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Year ends with Bush projections falling far short of actual job growth
While campaigning for last year's tax bill, which had large long-term revenue losses favoring the wealthy, President Bush regularly claimed that the tax cuts would remedy the biggest problem facing the country: two years of job losses. Today's job numbers for December 2003 provide a benchmark for evaluating these promises.

The president specifically promised that the tax bill would generate an additional 510,000 jobs by the end of 2003, growth above and beyond the jobs that an economy in recovery would naturally generate. In fact, the Council of Economic Advisers (CEA) projectedAdobe Acrobat (PDF) that, with no change in policy, the resilient U.S. economy would generate a baseline of 4.1 million jobs by the end of 2004, even without the tax cut. (That baseline 3% gain in jobs was modest compared to earlier recovery periods without tax cuts: job growth was 4% over a comparable period of time following the early 1990s recession.) The CEA explained that, on top of that baseline job growth, the tax bill would add 510,000 jobs by the end of 2003 and a total of 1.4 million more jobs by the end of 2004. All told, the Bush Administration projected growth of 5.5 million jobs by the end of 2004 if its tax cuts were adopted, or an average growth rate of 306,000 jobs a month from July 2003 to December 2004.

The December 2003 job gain of 1,000 is a staggering 305,000 jobs below the promised monthly increase. In fact, job growth has never reached even a third of the promised rate of 306,000 jobs a month since the tax cut was implemented in July 2003.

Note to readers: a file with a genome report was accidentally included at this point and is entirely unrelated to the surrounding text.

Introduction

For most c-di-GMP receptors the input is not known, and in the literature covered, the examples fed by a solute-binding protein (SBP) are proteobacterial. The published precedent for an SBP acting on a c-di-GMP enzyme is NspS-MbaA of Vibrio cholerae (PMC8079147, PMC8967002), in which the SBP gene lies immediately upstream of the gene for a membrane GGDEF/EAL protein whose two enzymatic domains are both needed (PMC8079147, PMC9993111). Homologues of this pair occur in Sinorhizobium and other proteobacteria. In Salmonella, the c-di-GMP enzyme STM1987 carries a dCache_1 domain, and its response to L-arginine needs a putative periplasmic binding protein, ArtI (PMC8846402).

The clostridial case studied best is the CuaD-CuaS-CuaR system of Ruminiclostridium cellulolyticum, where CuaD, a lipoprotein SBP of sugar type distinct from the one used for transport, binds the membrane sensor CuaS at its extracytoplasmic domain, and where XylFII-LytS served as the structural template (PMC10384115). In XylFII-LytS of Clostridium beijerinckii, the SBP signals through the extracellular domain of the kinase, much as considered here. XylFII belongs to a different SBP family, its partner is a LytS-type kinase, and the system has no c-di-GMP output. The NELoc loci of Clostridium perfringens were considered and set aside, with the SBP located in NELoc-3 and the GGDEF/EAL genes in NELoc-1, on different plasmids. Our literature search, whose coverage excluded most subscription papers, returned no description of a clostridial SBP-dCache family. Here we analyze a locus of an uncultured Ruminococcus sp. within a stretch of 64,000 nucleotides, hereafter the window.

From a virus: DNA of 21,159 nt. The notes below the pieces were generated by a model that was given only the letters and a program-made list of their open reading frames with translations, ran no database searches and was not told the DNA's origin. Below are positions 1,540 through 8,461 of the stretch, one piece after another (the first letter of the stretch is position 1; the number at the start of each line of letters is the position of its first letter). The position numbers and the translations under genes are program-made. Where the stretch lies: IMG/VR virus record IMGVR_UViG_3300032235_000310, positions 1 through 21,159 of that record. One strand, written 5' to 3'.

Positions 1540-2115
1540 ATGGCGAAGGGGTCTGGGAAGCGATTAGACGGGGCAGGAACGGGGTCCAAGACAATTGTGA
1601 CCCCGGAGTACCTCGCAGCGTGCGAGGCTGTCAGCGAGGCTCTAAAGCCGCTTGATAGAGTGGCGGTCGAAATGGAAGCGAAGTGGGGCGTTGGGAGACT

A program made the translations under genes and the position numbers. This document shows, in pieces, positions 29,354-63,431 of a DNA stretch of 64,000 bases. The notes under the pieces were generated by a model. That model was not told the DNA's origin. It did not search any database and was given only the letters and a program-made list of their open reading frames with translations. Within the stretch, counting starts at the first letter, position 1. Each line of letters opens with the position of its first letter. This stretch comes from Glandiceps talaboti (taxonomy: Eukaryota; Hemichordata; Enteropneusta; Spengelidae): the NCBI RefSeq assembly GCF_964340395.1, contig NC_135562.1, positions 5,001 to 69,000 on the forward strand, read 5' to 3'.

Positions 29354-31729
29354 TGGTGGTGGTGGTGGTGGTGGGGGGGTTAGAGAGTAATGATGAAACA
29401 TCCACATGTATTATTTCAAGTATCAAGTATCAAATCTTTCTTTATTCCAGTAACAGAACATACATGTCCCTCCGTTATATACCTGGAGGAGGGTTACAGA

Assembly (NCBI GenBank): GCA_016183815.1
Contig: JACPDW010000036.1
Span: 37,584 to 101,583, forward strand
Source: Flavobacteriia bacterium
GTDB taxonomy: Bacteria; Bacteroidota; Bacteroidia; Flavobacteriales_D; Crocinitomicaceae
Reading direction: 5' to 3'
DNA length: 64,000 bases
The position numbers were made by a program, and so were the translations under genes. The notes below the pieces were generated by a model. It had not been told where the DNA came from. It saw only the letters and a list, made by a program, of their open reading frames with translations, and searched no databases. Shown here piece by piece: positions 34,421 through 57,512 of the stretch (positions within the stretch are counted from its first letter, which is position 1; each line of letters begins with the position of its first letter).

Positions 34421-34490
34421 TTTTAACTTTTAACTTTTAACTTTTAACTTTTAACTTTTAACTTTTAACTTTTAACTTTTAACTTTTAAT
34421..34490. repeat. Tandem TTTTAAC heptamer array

Overall, jobs increased by a total of 221,000 in the six months that the tax bill has been in effect. This total increase did not even reach the 510,000 jobs that President Bush promised over and above the baseline for those six months, much less the total of 1,836,000 jobs promised with the baseline included.

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Labor market not benefiting from economy's growth
Although the overall economy expanded at a promising clip over the past two quarters, these advances have not shown up in the two areas that mean the most to working families: jobs and wages. The chart shows the annualized growth rate of real gross domestic product (GDP), the real wages of blue-collar and service workers, and employment over the past two quarters (fourth quarter GDP growth is the December 10th consensus of Blue Chip forecasters). As the chart indicates, GDP growth was very strong in the third quarter and remained solid in the final quarter of 2003, while at the same time, workers' average wages were flat or falling slightly, after accounting for inflation. And though employment expanded in the last quarter, its growth lags far behind that of the rest of the economy.

Thus, two years into the new business cycle, GDP growth is strong. But the fruits of that growth have yet to flow to working families in the form of rising real wages and faster job growth. The economic recovery will not be on firm ground until consumption and growth are able to rest on broad-based gains in labor income.

Greatest sustained job loss since the Great Depression
Since the recession began 33 months ago in March 2001, 2.4 million jobs have disappeared, a 1.8% contraction. The Bureau of Labor Statistics began its series on monthly jobs numbers in 1939 (at the end of the Great Depression). In every previous episode of recession and job decline since 1939, the number of jobs had fully recovered to above the pre-recession peak within 31 months of the start of the recession. The picture is bleaker for private-sector jobs, which have dropped by 2.9 million since March 2001, a 2.6% contraction. (See State data and organizations for more information on your state.)

Since the official end of the recession in November 2001, total jobs have shrunk by 0.8 million (an 0.6% contraction) and private-sector jobs have dropped by 0.9 million (or 0.8%).



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